While no one is saying exactly how it happened, Portland got a new mayor Monday, who is actually the old mayor, Nicholas Mavodones, agreeing to come back for one more turn.

It’s a good move for the city. Portland is in the last year of a nearly 90-year-old form of government, in which the City Council elects one of its members to serve as the council’s ceremonial leader, chairing meetings and representing the city to the public.

Mavodones is well-liked and experienced and should provide a steady hand during a difficult budget season. And he will be a familiar face to representatives of the state and federal government and the business community, with whom the city must interact.

But just because Mavodones is a good choice doesn’t mean that this was a good process, and if there were any doubts about Portland’s need to move to a directly elected mayor, this should quell them. This is not a job that should be filled with behind-the-scenes maneuvering, and that is what appears to have happened here.

Several councilors reported that their colleague Cheryl Leeman had told them that she had the five votes needed to take the job. That put an end to the race.

But on Monday, Leeman announced that she had changed her mind and nominated Mavodones.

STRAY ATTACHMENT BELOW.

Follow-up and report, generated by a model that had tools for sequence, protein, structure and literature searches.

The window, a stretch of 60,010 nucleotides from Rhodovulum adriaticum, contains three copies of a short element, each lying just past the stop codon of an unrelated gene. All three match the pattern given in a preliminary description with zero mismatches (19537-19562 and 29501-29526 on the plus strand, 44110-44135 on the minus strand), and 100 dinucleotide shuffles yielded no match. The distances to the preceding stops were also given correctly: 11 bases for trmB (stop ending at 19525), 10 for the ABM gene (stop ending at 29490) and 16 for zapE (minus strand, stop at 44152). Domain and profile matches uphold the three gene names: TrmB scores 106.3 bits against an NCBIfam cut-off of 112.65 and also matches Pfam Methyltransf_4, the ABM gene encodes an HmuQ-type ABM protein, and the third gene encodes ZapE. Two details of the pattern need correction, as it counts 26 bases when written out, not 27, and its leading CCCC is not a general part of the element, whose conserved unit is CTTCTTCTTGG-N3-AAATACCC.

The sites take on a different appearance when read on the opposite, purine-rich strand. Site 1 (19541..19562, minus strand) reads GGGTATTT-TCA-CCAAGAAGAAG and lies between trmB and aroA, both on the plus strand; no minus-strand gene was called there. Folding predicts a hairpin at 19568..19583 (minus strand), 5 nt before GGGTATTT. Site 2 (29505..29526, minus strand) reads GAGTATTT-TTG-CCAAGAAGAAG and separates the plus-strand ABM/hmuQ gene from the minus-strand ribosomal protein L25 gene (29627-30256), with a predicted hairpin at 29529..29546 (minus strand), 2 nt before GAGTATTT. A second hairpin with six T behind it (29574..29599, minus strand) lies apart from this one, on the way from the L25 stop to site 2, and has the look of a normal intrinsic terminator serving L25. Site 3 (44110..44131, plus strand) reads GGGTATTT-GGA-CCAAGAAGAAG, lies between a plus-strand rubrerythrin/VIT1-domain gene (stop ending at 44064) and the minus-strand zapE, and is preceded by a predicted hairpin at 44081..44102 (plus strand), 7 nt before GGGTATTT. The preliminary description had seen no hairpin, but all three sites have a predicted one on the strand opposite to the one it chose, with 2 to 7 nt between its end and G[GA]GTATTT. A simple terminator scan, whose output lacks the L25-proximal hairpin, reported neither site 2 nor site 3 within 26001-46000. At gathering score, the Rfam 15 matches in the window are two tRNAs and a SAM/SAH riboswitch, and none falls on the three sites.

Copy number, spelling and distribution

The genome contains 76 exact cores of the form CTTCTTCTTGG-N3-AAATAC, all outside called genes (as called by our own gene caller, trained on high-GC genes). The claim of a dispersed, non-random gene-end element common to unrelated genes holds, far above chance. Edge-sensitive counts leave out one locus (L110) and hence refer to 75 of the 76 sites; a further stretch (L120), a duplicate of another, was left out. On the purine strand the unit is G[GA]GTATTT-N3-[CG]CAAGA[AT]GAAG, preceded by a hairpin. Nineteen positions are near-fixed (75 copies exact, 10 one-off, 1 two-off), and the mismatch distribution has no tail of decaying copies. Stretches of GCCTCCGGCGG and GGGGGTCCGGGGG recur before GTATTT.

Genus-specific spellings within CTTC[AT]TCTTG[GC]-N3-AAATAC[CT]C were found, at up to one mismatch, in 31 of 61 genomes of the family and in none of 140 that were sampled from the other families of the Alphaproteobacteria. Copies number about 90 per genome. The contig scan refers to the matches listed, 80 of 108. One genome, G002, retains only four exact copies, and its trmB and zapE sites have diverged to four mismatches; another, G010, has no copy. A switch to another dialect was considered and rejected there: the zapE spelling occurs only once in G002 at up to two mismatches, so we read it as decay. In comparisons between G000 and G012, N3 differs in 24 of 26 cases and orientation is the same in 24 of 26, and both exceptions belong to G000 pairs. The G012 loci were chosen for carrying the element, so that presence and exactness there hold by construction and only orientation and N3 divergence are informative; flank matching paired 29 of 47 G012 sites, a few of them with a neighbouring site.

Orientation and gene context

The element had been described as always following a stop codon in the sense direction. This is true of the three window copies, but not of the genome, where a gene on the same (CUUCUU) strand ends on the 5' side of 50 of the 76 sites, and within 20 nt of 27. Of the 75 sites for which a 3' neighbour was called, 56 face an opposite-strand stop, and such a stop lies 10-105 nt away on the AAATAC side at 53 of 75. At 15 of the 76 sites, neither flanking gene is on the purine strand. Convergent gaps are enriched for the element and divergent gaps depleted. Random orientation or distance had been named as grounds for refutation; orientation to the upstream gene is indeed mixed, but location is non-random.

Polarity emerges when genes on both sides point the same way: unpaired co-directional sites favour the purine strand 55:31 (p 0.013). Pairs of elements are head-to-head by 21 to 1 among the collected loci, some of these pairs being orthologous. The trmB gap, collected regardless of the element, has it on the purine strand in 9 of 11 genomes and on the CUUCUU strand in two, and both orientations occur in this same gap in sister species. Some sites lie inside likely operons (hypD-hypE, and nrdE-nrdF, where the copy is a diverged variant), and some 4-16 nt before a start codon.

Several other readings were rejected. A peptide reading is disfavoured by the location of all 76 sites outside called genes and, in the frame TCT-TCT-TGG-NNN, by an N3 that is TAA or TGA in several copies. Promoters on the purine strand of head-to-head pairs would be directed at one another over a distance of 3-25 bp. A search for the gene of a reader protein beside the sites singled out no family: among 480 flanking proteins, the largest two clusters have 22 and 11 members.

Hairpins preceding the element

He was “elected” by a unanimous council without any debate. Leeman said she felt what the city needed was continuity and so, in her opinion, Mavodones made a better mayor.

Even if that’s all there was to it — and we have our doubts that it is — that is a terrible way to fill such an important job. Leeman also would have been a good, experienced mayor (a job she held in 2000 and 2001), and as the council’s only Republican, she would have made a good representative for the city to a Republican-controlled Legislature.

A better process would have had both candidates in the room at the same time, and let the voters compare their relative strengths and make a choice. That’s the system that we are going to get next year, when the voter-approved charter changes go into effect.

Unlike the next mayor, who will be directly elected, Mavodones did not run citywide and he did not lay out a list of issues that he considered to be his priorities. If he has any changes of direction in mind for the city, the first time most of us will hear about them will probably be the day he is inaugurated.

When she was still identified as the likely mayor, Leeman defended the current system, saying, “It’s called politics. It’s not the process beforehand (that matters) as much as what the person does with the position once they’ve got it.”

We think that the “process beforehand” does make a difference, and directly electing a mayor will be a better process than what took place this week.

It is called politics, and it is about time that Portland started doing it in public.